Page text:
Now take Ecclesiastes. He’s a really cool read. He’s got man and the animals all in the same place, going to the same place. And no day is complete without a little Job:

“Ask the animals, and they will teach you…. In God’s hand is the life of every creature, and the breath of all mankind.” —Job 12:7, 10

Mormons say, “Go for it! Animals get to heaven!” Islam teaches animals have souls, but the afterlife question gets a bit murky. Eastern thinking seems to elevate the entire question to something more beautiful and less didactic; animal souls apparently transmigrate and benefit from the wonders of reincarnation.

Don’t Miss: How to Communicate With Your Dead Pet… Maybe.

Souls Behind These Eyes

As a veterinarian, I look into many eyes every day, eyes buried in fur and whiskers. They speak to me. These eyes are oceans of pain and joy. These eyes show affection. They show fear, abandonment and confusion. They show compassion and understanding. There are souls behind these eyes.

People are always telling me they know their pet understands them. When you hear the expression “soulful eyes,” many people think of a beautiful animal face. One summer I had the honor of hosting 2 horses in my field. Have a staring contest with a horse for a few minutes, feel those eyes looking into your own soul, and you’ll know there are horses in heaven!

My friends and clients often ask me what I think they should tell their children when the family pet is dying. The conversation often revolves around logistics such as how the children should say goodbye, what age is appropriate to witness a euthanasia and so on.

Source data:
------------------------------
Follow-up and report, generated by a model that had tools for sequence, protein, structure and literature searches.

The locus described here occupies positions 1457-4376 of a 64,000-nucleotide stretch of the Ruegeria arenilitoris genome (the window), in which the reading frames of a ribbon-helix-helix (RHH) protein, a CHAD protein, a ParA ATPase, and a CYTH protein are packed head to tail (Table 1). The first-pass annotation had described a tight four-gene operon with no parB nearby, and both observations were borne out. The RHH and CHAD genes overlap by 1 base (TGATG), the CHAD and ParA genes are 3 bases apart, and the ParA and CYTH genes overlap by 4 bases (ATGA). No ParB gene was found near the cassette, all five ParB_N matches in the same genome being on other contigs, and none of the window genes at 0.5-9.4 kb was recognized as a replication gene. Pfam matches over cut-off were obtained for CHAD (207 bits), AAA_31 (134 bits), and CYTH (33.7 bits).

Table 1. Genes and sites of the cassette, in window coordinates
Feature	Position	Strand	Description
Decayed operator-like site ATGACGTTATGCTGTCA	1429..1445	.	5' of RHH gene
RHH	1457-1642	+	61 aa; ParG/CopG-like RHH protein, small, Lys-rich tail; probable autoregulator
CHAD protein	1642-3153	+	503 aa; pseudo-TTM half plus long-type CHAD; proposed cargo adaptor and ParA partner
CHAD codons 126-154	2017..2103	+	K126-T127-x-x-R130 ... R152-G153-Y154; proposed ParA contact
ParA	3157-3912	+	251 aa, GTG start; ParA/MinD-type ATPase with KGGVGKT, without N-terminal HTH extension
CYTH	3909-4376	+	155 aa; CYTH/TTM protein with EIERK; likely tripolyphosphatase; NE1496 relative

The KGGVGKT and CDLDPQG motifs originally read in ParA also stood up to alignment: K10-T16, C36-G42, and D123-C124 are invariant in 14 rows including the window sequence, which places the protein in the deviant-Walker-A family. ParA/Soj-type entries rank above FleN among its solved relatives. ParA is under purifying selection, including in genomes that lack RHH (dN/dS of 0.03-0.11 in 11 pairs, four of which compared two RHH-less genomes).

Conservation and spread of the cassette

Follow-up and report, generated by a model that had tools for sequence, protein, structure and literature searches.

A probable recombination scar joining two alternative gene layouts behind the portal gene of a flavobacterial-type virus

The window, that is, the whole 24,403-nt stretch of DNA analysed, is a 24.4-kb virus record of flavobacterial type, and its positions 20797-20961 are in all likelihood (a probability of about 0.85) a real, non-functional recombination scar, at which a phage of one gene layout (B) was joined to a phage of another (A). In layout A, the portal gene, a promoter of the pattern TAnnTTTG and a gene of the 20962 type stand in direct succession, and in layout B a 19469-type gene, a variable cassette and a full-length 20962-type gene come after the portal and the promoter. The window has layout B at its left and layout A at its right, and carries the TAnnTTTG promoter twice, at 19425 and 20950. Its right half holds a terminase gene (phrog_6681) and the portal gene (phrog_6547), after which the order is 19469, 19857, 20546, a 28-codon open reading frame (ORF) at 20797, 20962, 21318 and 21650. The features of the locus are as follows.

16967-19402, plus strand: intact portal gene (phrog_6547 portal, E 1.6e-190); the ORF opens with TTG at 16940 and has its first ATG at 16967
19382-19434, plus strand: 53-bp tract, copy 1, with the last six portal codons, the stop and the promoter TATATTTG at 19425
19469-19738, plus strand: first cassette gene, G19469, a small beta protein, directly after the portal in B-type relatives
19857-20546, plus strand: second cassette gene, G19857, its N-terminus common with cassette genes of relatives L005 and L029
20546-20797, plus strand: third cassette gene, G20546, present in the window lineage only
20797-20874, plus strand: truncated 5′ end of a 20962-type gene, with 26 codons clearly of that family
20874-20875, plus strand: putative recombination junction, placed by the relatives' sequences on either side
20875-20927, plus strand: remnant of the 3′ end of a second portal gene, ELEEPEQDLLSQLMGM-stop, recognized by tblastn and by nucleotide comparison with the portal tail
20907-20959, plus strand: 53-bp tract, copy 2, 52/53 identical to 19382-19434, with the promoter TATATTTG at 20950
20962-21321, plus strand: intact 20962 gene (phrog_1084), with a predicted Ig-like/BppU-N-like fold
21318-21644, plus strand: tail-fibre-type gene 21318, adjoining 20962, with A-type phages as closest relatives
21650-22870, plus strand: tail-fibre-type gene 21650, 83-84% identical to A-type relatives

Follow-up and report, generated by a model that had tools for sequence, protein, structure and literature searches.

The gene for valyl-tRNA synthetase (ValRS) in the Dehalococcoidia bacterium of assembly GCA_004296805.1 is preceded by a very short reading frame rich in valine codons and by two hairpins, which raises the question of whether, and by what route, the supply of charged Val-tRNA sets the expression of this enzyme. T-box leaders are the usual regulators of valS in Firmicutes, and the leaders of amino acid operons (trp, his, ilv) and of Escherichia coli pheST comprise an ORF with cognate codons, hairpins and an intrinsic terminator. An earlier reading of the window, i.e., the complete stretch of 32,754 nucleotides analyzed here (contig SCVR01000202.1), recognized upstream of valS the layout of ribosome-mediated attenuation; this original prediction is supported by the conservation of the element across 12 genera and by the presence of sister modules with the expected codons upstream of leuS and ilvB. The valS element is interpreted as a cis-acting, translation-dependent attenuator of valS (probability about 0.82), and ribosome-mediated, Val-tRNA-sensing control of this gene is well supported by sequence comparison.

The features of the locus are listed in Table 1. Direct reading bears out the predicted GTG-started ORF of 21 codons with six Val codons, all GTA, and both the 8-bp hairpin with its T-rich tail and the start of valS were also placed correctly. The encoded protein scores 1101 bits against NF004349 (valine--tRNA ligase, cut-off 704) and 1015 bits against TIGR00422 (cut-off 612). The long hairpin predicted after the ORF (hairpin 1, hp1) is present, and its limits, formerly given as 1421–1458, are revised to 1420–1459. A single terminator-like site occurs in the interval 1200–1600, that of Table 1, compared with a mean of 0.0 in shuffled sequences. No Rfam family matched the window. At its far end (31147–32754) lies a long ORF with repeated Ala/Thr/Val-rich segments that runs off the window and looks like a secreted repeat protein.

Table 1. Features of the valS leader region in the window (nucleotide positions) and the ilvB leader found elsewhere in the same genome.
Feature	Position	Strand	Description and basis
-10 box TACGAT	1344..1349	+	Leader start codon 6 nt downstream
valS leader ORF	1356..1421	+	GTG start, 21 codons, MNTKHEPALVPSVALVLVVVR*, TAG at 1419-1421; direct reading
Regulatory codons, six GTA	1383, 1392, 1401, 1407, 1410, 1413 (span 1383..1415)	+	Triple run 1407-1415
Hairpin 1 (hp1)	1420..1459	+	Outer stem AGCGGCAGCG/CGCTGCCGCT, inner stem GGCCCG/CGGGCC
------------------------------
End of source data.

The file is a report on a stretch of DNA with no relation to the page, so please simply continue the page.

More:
Often, parents decide their children will get comfort if they say Frodo is going to heaven. Well, why should that comfort only be in the purview of children?

The One Thing I’ve Always Believed

Whatever crisis or comfort of faith I’m having at any stage of life, I have always believed one thing: Wherever I’m going when this earthly phase is over, my spirit will be reunited with Pepe, Chipper, Periwinkle, Champ, Mr. Chips and Lady.

This was the short list of pets I included at the end of my “God Blesses” at night after “Now I lay me down to sleep…” I only knew Pepe the poodle, Chipper the canary and Periwinkle the parakeet in my own young life.

The rest of my remembered pets had died long ago but were part of family lore, so I wanted to think of them in heaven every night before I went to sleep.

I think this was because that famous children’s prayer scared the bejesus out of me. “If I should die before I wake?” I took great comfort in knowing that Mr. Chips and Lady would be waiting to greet me at the pearly gates if I didn’t wake up for my next day in the second grade.

The Reward of Heaven

If the Word of God, as most theologians state in the Judeo-Christian tradition, declares that animals do not possess immortality, and thus do not make it to heaven, I guess I’m a heretic. I’m not sure where I heard this little story, but it stuck in my mind:

An elderly parishioner appeared at her pastor’s door. “Father, I’ve lost my dear Muffin, and I am grief-stricken. I understand that the church teaches that dogs don’t go to heaven.”

Father thought about this for a moment and said, “The reward of heaven is supposed to give you the ultimate happiness and peace, Mrs. Appleby, is it not?”

“Yes, Father, ultimate peace and happiness.”

“If you would not be happy in heaven without Muffin in it, Mrs. Appleby, I’m sure she will be there waiting for you.”

“Thank you, Father. I take it you know someone who has been there.”

Folks and theologians can argue all they want, but every pet person knows there can be only one answer: Animals deserve everything we deserve… and more.

Dr. Debora Lichtenberg, VMD

View posts by Dr. Debora Lichtenberg, VMD
Dr. Debora Lichtenberg, VMD, is a small animal and exotics veterinarian who has split her time between a veterinary practice in Pelham, Massachusetts, and her studio in New York City. Dr. Lichtenberg is a graduate of the University of Pennsylvania School of Veterinary Medicine with 30 years of experience. Her special interests are soft tissue surgery and oncology.